The banking industry and the deconstruction of its value chain. How Banking-as-a-(BaaS) service could become the key considerations for banks.

By Bertrand Lavayssiere, managing director, zeb

The banking industry in 2018 has reached a tipping point: banks must urgently switch from their post-crisis “recovery mode” to a new “action mode”.

Banks need to find solutions for improving cost management and increasing profitability. Set out along the wrong path and banks risk being relegated to a footnote in history. Choose the right strategy and they can be masters of their own destiny. The difficulty, as usual, lies in determining which path is the right one.[1]

One strategic move is about the deconstruction of the value chain horizontally by building utilities leveraging scale in mid/back offices and IT to streamline the operating model and to reduce costs. The German savings bank and cooperative bank sector is a blueprint for this strategic move, which is now being increasingly adopted by larger banks.

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Reducing costs thus ultimately means implementing state-of-the-art IT infrastructure, digitalising processes and reducing legacy systems wherever possible – in addition to reducing personnel costs. Ultimately, this drive towards a better IT infrastructure within banks may lead to an increase in offerings such as banking-as-a-service, with some banks ultimately becoming IT companies.

Here at zeb, we have observed that large ITcentres are being built with services being outsourced both nearshore and offshored. Several banks are contemplating whether or not they should become “utility centres” for certain services. Recent discussions amongst Swedish top banks to create a utility for Know Your Customer (KYC) and onboarding processes or initial discussions amongst a consortium of German banks to build a regulatory reporting factory only highlight some of the moves that are currently being discussed across Europe.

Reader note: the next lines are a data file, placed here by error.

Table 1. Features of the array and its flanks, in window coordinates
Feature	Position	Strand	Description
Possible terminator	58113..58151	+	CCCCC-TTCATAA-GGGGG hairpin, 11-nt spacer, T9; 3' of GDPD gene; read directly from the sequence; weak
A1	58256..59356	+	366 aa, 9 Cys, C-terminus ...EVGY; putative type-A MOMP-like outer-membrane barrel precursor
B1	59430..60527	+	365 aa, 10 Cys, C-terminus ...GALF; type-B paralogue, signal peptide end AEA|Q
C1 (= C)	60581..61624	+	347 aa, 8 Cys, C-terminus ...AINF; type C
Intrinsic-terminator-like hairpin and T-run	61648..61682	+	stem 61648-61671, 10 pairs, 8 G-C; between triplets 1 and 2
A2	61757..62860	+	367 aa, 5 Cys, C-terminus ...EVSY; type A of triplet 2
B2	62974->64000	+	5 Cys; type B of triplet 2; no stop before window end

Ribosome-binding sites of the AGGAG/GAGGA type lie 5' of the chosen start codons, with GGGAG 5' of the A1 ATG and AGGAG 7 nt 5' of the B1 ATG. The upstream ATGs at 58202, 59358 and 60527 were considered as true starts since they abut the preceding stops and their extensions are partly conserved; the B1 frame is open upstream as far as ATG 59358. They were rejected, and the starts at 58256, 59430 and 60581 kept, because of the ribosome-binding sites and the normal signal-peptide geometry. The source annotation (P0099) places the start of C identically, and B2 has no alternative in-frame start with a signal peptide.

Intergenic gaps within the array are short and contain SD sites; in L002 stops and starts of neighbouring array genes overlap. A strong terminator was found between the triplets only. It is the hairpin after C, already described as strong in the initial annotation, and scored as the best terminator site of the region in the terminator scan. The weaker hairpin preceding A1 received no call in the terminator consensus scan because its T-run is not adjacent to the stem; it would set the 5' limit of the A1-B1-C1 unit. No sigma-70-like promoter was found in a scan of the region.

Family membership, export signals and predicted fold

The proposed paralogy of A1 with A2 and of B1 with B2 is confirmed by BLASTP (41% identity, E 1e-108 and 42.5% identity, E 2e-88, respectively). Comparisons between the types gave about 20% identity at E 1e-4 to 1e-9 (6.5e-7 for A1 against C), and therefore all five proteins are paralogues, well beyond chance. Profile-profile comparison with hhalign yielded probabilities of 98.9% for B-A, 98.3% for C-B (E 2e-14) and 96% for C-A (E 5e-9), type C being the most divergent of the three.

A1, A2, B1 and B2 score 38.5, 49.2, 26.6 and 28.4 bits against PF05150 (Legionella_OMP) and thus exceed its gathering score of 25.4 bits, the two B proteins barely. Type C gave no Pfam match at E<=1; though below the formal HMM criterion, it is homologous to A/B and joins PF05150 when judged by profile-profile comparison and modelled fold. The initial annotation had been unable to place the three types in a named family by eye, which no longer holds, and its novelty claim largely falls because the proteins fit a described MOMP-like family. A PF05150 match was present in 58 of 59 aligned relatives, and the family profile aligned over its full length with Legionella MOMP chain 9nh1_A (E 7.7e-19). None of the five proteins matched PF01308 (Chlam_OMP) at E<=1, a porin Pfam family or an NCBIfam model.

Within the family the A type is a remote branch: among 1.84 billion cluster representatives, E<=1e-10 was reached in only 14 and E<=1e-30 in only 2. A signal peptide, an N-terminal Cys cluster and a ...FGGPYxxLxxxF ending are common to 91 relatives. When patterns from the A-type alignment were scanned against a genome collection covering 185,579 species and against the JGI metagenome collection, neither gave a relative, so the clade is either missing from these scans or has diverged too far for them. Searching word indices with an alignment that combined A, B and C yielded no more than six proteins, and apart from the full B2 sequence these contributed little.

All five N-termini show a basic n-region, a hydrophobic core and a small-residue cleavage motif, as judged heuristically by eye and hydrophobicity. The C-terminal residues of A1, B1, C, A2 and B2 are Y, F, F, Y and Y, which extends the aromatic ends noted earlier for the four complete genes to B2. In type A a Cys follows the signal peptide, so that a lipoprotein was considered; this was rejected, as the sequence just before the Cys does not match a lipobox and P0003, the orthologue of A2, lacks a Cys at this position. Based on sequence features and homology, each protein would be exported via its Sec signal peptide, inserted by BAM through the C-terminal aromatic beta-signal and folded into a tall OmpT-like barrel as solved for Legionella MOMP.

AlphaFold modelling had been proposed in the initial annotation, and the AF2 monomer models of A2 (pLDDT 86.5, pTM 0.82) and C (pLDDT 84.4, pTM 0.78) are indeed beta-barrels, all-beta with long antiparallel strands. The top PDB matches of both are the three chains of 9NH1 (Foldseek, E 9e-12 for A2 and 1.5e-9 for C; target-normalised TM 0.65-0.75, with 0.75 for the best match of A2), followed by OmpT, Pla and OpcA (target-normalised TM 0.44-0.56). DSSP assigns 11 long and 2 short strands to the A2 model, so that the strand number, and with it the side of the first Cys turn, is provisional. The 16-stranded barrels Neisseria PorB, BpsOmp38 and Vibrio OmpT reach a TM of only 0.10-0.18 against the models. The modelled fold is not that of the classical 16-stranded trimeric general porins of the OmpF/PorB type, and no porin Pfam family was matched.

However, it is important to remember that many of these discussions are in early stages and therefore talk of the advent of the “Amazon of banking IT services”, would certainly be premature. Rather, current forecasts show that an overall increase in IT costs of around 18 percent is expected between 2016 and 2021, consisting of a seven percent rise in 2016-2017 and a projected further rise of ten percent by 2021. The main drivers for this increase are software costs, which are expected to grow by 19 percent between 2018 and 2021, and IT service costs, which will grow by 11 percent between 2016 and 2021.

We believe that banks have two options available to them with regards to this strategic move. In both cases, processes will have to be adjusted and old ways to be parted with. As a result, banks can achieve significant cost savings. First, on top of their traditional business,banks can become service providers, selling their services to other companies – a sort of specialised “process factory”. This will mean focusing on non-differentiating parts of the value chain and pursuing excellence in these areas. For example, external firms already provide white-label securities services to around three-quarters of banks in Germany, effectively acting as utility centres for this service – dwpbank is one such firm. Other banks, such as Swedbank, have opened out its credit operations and allowed other banks onto its platform. Some of the large IT centres servicing several regional banks were originally part of individual banks themselves, such as ARZ in Austria. The benefits of becoming a service provider include economies of scale, achieved by providing services to several financial services players, and the possibility of sharing both change costs (software updates, adjustments to new regulations and so on) and run costs (competence centres, infrastructure and the like).